Ohio wants passenger trains to Toledo and Pittsburgh, too
(The Associated Press circulated the following story by Matt Leingang on July 15, 2010.)
COLUMBUS, Ohio — Toledo and Pittsburgh are among the next cities that Ohio wants to connect as part of its developing passenger rail project, state transportation officials said today.
The state has signed a $7.8 million contract with an engineering firm to study new routes that would branch off from Ohio's marquee federal stimulus project -- a $400 million rail system with 79 mph trains connecting Cleveland, Columbus, Dayton and Cincinnati beginning in 2012.
The contract with AECOM, a Los Angeles-based company that has worked on California's planned high-speed rail system, will determine routes for a future 110 mph service on four corridors: Detroit-Toledo-Cleveland, Cleveland-Pittsburgh, Toledo-Columbus and Cleveland-Columbus-Cincinnati.
The federal government requires this kind of preliminary environmental impact study before funding can be approved. The study would likely take about a year, said Matt Dietrich, executive director of the Ohio Rail Development Commission.
President Barack Obama announced in January that he would give $400 million to Ohio for the 79 mph startup service from Cleveland to Cincinnati, part of $8 billion in stimulus grants for rail projects in the U.S.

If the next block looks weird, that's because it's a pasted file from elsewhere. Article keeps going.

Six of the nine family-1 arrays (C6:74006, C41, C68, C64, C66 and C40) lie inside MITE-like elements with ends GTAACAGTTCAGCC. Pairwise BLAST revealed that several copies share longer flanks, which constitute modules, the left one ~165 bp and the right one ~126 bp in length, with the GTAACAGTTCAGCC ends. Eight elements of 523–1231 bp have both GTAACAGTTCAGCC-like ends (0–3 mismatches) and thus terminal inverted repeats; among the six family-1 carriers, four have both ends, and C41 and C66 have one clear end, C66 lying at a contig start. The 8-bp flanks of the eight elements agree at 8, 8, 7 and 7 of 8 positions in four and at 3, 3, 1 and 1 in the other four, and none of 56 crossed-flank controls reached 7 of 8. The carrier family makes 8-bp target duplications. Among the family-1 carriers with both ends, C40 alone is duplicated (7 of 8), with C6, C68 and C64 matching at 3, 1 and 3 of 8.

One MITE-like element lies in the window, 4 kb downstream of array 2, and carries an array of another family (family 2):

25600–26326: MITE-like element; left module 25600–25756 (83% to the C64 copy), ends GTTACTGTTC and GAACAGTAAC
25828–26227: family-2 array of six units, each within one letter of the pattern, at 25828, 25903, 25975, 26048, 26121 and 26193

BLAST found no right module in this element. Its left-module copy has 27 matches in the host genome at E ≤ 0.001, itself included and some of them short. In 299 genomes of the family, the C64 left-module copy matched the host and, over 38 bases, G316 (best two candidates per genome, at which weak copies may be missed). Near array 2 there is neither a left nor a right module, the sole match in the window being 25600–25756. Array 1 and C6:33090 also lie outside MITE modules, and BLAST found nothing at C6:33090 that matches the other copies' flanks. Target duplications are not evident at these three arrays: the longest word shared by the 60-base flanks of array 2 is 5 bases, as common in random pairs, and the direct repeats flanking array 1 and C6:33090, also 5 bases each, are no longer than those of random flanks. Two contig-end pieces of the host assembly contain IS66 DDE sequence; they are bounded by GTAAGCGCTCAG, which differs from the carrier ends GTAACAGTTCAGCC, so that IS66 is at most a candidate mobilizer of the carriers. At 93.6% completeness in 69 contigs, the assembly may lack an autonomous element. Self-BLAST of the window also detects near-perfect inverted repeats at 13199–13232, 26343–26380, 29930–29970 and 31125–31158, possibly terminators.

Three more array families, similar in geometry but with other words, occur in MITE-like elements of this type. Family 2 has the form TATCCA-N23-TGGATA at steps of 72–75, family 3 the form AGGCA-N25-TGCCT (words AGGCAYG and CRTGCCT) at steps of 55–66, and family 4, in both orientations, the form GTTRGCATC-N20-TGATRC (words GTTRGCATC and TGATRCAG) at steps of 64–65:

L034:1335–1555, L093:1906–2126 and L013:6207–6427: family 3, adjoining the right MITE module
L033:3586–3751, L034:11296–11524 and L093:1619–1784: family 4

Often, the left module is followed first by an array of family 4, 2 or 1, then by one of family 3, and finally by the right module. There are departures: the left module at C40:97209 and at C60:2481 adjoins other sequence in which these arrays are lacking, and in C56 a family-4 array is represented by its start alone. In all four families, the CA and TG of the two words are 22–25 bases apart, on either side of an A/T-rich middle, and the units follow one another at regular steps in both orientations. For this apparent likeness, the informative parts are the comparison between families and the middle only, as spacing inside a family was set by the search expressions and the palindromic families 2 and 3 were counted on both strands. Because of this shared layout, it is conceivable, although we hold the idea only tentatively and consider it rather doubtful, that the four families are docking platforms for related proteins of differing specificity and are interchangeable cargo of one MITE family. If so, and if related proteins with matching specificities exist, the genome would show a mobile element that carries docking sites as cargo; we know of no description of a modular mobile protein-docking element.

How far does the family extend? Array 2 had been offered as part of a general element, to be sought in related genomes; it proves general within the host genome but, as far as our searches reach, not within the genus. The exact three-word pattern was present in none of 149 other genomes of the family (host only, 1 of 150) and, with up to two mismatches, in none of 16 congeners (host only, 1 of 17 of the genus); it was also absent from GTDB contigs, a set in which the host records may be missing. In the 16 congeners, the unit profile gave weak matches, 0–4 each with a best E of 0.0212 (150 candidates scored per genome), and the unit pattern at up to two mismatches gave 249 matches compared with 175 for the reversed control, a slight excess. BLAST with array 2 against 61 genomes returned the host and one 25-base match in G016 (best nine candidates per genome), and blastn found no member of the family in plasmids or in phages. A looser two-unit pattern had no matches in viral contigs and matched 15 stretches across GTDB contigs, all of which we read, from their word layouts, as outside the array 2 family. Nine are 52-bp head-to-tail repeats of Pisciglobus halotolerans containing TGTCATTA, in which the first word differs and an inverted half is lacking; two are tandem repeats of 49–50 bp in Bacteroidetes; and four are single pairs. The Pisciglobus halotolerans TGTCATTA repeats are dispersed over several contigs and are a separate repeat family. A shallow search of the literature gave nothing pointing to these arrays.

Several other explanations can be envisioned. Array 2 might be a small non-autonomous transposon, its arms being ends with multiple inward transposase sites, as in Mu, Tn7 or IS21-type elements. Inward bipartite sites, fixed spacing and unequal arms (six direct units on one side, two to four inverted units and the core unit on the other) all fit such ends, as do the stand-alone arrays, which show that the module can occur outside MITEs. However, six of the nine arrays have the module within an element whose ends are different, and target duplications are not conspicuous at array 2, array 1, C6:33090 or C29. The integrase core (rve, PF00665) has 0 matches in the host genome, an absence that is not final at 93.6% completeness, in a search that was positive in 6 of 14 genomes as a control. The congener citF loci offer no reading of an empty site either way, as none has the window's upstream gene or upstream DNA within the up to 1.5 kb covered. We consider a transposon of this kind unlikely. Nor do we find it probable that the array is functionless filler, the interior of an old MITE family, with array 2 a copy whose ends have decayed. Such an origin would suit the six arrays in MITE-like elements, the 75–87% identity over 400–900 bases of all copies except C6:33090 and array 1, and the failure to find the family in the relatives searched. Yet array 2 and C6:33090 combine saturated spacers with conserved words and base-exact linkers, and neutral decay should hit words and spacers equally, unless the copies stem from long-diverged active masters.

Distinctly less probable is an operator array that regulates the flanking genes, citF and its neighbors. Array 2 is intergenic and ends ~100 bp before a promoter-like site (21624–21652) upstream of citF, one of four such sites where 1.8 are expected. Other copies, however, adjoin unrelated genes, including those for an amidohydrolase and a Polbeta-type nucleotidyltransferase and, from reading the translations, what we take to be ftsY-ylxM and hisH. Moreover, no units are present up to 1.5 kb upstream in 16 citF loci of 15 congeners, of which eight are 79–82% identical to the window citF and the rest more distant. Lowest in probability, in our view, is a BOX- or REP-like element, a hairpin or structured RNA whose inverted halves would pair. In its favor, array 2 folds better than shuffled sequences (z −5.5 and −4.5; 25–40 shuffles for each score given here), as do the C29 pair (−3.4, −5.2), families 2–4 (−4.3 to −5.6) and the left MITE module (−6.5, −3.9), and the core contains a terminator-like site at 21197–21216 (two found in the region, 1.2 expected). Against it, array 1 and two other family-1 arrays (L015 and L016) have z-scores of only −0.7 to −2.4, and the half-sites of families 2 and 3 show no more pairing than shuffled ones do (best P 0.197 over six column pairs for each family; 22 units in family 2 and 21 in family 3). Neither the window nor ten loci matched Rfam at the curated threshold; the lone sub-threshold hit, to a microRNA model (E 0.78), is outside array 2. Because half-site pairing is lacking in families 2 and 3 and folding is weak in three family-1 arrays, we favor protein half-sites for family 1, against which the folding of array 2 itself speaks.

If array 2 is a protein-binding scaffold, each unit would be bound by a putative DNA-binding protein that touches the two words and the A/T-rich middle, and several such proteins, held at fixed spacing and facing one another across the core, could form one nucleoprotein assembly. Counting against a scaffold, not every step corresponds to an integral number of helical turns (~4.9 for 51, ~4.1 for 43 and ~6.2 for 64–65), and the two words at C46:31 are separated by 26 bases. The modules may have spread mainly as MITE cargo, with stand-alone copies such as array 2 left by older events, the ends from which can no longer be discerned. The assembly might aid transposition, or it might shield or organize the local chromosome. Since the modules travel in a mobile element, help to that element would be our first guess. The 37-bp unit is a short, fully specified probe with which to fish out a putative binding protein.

Ohio has yet to spend the money. The state is waiting for the Federal Rail Administration to sign off on $25 million that will complete engineering and design work -- information that will identify track upgrades, pinpoint operating speeds along the route and set departure schedules.
Dietrich said he hopes to get federal approval in a few weeks.
The Federal Rail Administration on Monday approved $20 million for North Carolina to refurbish passenger coaches and locomotives, the first installment of $525 million in stimulus money to help that state increase top speeds to 90 mph on trains between Raleigh and Charlotte and double the number of round trips.
Ohio Gov. Ted Strickland, a Democrat running for re-election, has billed his state's rail project as something that can create hundreds of construction jobs and spark new economic development in cities with train stations.
But there is some political uncertainty around the project.
Even if Strickland wins in November, he will need support from Senate Republicans on the state Controlling Board, a seven-member panel that approves major construction spending and equipment purchases.
Republicans, including GOP gubernatorial candidate John Kasich, have criticized the rail plan, questioned ridership estimates and complained that the initial service would be too slow.
About 6 million people live along the Cleveland-Cincinnati route, making it one of the most heavily populated corridors without rail service in the Midwest.
Early estimates predict 478,000 riders in the first year of operations, annual ticket sales at $12 million and the state responsible for an additional $17 million operating subsidy, according to an Amtrak study released last year.
Friday, July 16, 2010
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